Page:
Let’s talk more about the benefits of using compost instead of manure for fertilization. 

Compost Is Easy To Spread

It’s easier to spread compost than manure due to the former’s consistency and overall weight. Compost is made of oxygen, water, and other materials. The use of oxygen and water in particular makes it lighter and easier to handle than traditional fertilizer. In other words, using compost requires less equipment and energy to spread. 

Compost Smells Better

As you know, manure is made of animal droppings. While it is an effective fertilizer on its own, the unpleasant smell can be off-putting. Sure, you can probably wear a mask while tending to your crops to avoid inhaling that bad odor, but you shouldn’t have to. Besides, wearing a cloth mask when you’re working under warm weather conditions can be a hassle.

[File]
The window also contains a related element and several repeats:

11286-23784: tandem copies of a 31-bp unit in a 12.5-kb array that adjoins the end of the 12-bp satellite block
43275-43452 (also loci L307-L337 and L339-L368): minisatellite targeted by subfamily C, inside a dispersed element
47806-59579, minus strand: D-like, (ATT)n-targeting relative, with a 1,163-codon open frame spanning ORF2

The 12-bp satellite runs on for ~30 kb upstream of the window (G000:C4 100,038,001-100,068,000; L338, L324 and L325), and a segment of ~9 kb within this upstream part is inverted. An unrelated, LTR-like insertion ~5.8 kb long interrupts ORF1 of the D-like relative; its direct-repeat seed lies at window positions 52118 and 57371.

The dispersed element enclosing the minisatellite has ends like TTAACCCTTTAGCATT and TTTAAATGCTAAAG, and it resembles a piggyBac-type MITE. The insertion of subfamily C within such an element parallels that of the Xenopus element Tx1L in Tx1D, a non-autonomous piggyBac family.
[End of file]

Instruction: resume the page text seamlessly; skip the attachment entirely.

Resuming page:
Compost, on the other hand, is made of many materials other than manure. Because of the presence of these other materials, the distinctive odor of manure in your compost (assuming you’re using manure in your compost) gets diluted. 

Compost Is Easier To Obtain

If you don’t already have an animal farm, manure may be a little challenging to obtain. Meanwhile, compost — as I mentioned earlier — consists of different materials that you can get from a wider variety of sources, such as the decaying plant matter from your yard. 

Are There Downsides to Using Compost as Fertilizer?

There are downsides to using compost as a fertilizer. You will incur additional costs for labor, materials, and space. Further, your compost may not be as nutrient-rich as manure. Finally, you need to be very careful when composting to prevent contamination.